The Russian Defense Ministry said on Tuesday that neither Russian nor Syrian war planes had struck a humanitarian convoy near Aleppo the previous day, saying the convoy’s whereabouts had only been known to militants on the ground.
Air raids rocked northern Syria’s Aleppo province on Tuesday, hours after 18 lorries in the UN convoy were hit in the Uram al-Kubra district west of Aleppo city.
The Syrian Observatory for Human Rights said that the attacks were carried out by either Assad regime’s or Russian aircraft and at least 32 people were killed.
“The air forces of Russia and Syria did not conduct any strikes against the UN aid convoy in the southwestern outskirts of Aleppo,” defence ministry spokesman Igor Konashenkov said in a statement carried by Russian news agencies.
Konashenkov said the attack the previous night doesn’t appear to have been from an air strike.
The Russian military “carefully studied the video recordings of the so-called activists from the scene and found no signs that any munitions hit the convoy”, Konashenkov said.
“Everything shown on the video is the direct consequence of the cargo catching fire, and this began in a strange way simultaneously with militants carrying out a massive offensive in Aleppo.”
Staffan de Mistura, United Nations Special Envoy for Syria, denounced the air raid. “Our outrage at this attack is enormous… The convoy was the outcome of a long process of permission and preparations to assist isolated civilians,” he said.
Life-saving aid supplies lost
At least 18 of 31 trucks in a U.N. and Syrian Arab Red Crescent (SARC) convoy were hit on Monday along with an SARC warehouse. The convoy was delivering aid for 78,000 people in the hard-to-reach town of Urm al-Kubra in Aleppo province.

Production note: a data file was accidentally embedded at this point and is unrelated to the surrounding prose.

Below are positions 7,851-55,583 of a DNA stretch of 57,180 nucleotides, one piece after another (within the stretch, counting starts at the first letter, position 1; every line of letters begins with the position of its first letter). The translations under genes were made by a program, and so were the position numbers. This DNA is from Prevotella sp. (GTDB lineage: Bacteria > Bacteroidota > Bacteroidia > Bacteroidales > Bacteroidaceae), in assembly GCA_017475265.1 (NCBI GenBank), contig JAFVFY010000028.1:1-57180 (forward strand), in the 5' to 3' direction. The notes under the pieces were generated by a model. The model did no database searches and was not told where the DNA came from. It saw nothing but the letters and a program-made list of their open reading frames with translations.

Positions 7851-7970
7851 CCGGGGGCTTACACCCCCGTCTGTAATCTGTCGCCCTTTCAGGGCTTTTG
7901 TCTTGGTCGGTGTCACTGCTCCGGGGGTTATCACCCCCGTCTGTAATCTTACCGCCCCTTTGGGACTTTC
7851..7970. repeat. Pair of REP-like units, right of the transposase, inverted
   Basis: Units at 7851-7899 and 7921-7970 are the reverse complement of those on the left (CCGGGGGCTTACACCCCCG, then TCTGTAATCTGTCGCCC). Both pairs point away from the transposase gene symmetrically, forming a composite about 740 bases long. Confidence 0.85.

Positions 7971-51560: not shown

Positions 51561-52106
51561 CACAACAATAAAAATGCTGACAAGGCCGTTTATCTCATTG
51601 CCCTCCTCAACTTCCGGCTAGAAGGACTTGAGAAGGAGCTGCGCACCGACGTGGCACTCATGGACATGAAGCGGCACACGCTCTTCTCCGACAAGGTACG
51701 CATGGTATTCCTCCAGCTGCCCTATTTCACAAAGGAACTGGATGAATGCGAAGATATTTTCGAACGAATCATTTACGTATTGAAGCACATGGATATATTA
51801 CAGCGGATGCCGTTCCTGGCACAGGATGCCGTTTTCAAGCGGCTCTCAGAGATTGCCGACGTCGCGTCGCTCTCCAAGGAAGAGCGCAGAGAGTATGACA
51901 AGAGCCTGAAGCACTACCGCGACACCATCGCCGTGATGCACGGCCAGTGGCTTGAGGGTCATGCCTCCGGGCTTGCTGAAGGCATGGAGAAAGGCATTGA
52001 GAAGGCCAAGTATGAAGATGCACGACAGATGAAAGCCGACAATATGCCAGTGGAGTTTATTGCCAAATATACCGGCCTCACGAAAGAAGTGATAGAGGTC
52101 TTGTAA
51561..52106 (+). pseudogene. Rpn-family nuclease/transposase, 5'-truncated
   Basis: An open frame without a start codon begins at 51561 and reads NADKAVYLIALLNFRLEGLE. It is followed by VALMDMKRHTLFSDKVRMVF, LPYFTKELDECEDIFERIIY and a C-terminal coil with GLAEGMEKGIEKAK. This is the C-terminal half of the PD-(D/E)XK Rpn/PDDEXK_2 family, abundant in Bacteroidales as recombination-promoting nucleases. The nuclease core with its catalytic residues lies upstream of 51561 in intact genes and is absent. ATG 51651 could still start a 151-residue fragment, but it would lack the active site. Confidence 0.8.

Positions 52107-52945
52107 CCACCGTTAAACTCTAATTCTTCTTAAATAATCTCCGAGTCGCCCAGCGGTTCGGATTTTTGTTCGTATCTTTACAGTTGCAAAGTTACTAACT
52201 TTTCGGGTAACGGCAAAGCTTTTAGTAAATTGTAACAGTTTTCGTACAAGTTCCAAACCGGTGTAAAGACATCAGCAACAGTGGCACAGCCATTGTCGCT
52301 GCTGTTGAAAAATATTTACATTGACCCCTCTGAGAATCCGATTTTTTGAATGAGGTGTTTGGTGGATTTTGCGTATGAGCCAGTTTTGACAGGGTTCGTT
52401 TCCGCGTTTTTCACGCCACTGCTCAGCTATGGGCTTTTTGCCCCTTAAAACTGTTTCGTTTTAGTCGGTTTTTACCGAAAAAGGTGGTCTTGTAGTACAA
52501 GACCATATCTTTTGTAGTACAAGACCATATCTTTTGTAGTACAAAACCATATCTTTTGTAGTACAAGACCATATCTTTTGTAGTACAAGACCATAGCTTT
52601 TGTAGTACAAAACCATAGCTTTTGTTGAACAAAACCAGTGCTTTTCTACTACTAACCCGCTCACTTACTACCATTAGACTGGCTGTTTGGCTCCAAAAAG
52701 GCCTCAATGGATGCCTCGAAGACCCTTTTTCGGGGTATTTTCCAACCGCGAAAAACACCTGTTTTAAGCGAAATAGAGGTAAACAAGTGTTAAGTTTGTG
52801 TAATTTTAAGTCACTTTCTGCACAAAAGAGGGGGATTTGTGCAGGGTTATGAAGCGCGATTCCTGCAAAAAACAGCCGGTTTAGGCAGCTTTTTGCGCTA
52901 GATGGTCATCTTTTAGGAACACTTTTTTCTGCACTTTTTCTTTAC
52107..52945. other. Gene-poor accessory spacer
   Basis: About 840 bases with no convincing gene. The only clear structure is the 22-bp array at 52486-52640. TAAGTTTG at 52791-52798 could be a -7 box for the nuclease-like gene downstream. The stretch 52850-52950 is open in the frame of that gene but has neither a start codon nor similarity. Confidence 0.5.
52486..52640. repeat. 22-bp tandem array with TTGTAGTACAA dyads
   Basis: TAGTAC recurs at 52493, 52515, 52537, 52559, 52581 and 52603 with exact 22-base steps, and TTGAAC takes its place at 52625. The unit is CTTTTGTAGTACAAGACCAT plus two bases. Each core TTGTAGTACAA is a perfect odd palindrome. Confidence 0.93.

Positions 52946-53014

A rescue worker who witnessed the convoy attack said more than 20 missiles pounded the area for hours, even hitting his team as they searched the debris for survivors. Hussein Badawi, who leads the White Helmets in Uram al-Kubra, accused Syrian and Russian aircraft of taking part.
“Life-saving aid supplies have been totally damaged and a health clinic destroyed, depriving thousands of civilians of much needed food and medical assistance,” said Benoit Carpentier of the International Federation of Red Cross and Red Crescent Societies.
SARC’s director in Urem al-Kubra, Omar Barakat, was among the dead, Mardini said. “The team is in shock.”
“Omar was badly injured and the rescue team could not reach him for two hours. When he was evacuated he could not survive his wounds,” he said.
Aid delivery suspended.
The United Nations has suspended all aid convoys to Syria following the attack on aid trucks, which could amount to a “war crime”, according to UN official Jens Laerke.
“As an immediate security measure, other convoy movements in Syria have been suspended for the time being pending further assessment of the security situation,” Jens Laerke, U.N. humanitarian aid spokesman, told a news briefing in Geneva.
“If this callous attack is found to be a deliberate targeting of humanitarians, it would amount to a war crime,” said Stephen O’Brien, the top UN humanitarian official, adding the warring parties had been told about the aid convoy.
Secretary-General Ban Ki-moon, speaking at the UN General Assembly in New York, called those who attacked the convoy “cowards”.
“Powerful patrons that keep feeding the war machine also have blood on their hands,” Ban added.
“Yesterday’s attack is a flagrant violation of international humanitarian law and it is unacceptable,” Peter Maurer, president of the International Committee of the Red Cross (ICRC) said in a statement. “Failing to protect humanitarian workers and structures might have serious repercussions on ongoing humanitarian work in the country, hence depriving millions of people of aid essential to their survival.”
The Syrian crisis began as a peaceful demonstration against the injustice in Syria. Assad regime used to fire power and violence against the civilians and led to armed resistance. 450.000 Syrians lost their lives in the past five years according to UN estimates, and more than 12 million have lost their homes.
— Middle East Observer (@MEOorg) September 19, 2016